At St Edward’s we believe each student should leave school with the skills and knowledge to succeed in the modern world.
At St Edward’s we believe each student should leave school with the skills and knowledge to succeed in the modern world. We are teaching a computing curriculum which supports students from Year 7 until they finish school in Year 13.
Key Stage 3
At Key Stage 3 all students have a discrete computing lesson once a fortnight in a specialist computer suite. In Year 9 students have two lessons per week, for a half term. Within these lessons they develop their skills in using a range of software packages, learn how to apply these across the curriculum as well as in their daily lives. Students complete interesting projects, for example, spreadsheet modelling, using simple computer control tools to make computer games, learning how to search the web, e-safety and creating multimedia and interactive projects. Students also get a chance to learn how to program Micro bits.
Students learn essential skills covering the following:
- Online safety and legal issues
- Data representation Binary and characters
- Programming Scracth / Microbit / AppInventor
- Digital literacy including Photoshop and spreadsheets
- Computer networks
- In depth data representation Binary, Hexadecimal, Decimal, Sound and Boolean logic
Key Stage 4
Our World is on the cusp of a new epoch: The Internet of Things. Computer Science students will be immersed in this new emerging world and shown how it is being built so that they can join in at its conception.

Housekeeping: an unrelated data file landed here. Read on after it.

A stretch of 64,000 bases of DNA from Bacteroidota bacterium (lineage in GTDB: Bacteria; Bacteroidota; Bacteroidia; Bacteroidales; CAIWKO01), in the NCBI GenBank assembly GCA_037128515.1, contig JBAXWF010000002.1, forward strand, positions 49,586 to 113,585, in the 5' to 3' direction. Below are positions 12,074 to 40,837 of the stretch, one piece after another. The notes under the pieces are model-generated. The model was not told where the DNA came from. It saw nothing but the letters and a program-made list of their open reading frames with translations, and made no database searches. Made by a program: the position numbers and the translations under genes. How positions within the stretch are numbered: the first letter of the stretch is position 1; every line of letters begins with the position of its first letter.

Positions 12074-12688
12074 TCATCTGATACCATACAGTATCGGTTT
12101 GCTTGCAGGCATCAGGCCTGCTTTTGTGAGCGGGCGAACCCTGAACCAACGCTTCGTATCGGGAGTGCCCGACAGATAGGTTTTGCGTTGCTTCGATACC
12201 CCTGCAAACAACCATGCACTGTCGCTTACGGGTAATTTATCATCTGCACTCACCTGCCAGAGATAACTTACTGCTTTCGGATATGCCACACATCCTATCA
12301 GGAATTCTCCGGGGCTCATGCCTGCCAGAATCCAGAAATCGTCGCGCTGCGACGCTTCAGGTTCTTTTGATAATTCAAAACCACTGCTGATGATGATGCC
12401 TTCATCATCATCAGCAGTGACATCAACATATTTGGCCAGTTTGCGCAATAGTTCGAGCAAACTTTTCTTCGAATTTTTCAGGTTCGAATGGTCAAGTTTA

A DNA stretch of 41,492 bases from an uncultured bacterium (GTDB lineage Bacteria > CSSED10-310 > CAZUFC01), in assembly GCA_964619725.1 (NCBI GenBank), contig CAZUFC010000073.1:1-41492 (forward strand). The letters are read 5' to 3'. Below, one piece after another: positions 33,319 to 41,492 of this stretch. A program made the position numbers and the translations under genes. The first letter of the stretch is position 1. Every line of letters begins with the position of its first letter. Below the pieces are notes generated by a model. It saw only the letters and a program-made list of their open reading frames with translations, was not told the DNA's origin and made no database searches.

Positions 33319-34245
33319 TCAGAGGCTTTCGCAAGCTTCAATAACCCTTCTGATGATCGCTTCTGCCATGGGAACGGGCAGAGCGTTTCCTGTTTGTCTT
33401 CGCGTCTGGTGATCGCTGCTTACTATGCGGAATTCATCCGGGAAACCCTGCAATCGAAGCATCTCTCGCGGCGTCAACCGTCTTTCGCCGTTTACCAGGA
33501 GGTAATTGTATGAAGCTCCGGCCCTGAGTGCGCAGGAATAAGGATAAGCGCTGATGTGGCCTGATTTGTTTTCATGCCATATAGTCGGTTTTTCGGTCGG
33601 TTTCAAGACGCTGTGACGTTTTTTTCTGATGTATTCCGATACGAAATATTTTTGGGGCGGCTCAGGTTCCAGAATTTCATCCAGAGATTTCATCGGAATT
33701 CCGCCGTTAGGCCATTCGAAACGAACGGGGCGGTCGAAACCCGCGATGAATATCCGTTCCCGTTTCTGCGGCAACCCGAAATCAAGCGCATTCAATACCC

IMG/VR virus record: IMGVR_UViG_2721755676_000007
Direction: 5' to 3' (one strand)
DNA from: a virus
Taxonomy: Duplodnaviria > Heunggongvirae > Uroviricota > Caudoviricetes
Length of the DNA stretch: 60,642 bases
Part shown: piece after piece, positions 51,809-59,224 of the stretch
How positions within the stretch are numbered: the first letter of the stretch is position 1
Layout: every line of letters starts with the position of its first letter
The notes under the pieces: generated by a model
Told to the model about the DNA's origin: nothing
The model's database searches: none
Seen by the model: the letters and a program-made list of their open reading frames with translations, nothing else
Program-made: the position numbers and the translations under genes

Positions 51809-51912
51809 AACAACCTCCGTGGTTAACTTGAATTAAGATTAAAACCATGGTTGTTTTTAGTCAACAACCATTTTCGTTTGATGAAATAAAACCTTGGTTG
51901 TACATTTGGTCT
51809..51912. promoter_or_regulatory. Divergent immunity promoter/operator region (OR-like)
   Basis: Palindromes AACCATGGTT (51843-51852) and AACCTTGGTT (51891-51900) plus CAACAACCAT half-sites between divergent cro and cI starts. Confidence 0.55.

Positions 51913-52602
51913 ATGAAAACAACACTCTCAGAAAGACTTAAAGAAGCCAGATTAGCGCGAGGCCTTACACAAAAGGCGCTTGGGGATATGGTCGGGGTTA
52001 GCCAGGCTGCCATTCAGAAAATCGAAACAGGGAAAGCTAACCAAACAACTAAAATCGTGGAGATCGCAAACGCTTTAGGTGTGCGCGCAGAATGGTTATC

Firstly, what is the difference between ICT and Computer Science? In summary Computer Science is applied Maths whereas ICT is applied English. Computer Science enables you to become a digital producer – write software, understand computer hardware, design networks, etc., whereas ICT enables you to be a digital consumer – use existing software effectively to produce professional business documents and multi-media artifacts. Creativity and an interest in all things Computer Science is required alongside perseverance and tenacity. Students will be challenged and they will need to be able to overcome problems independently.
The reward for studying this course is a passport to the future. Just as Maths and English are the keys to open most doors, Computer Science is fast becoming recognised by employers as an essential skill set to enable them to work effectively in the 21st Century.
The current theory module topics are as follows:
Data representation, computer hardware, software development, databases, security, computer communications and networking.
Method of Assessment
Exam Board: OCR
Unit 1: Computer Systems exam (40%)
Unit 2: Computational thinking, algorithms and programming exam (40%)
Unit 3/4: Programming project – Non-exam Assessment (20%)
Pathways after Year 11
Computer Science is an ever expanding industry, touching or enveloping all others as it does so. It is an area where experience is respected equally with academic qualifications so apprenticeships at all levels are highly valued. Computer Science students are enabled to get careers that are financially rewarding. Also, as there are broad opportunities from developing solutions that remove physical or mental barriers for disabled people, to enabling the growth of more food or enabling oppressed people to be heard, it is also spiritually rewarding. A Computer Science student really has the power to change the world for the better.
Key Stage 5
A level and AS level Computer Science can be considered part of the applied Maths family as a number of the modules closely follow the A level discrete Math syllabus. It enables students to break down real world problems into manageable chunks which can then be solved using algorithms. Computer Science is all about problem solving. The solutions are coded, tested and evaluated. Computer theory includes: networking, data representation and databases.
Mr C Prince
Computer Studies Subject Leader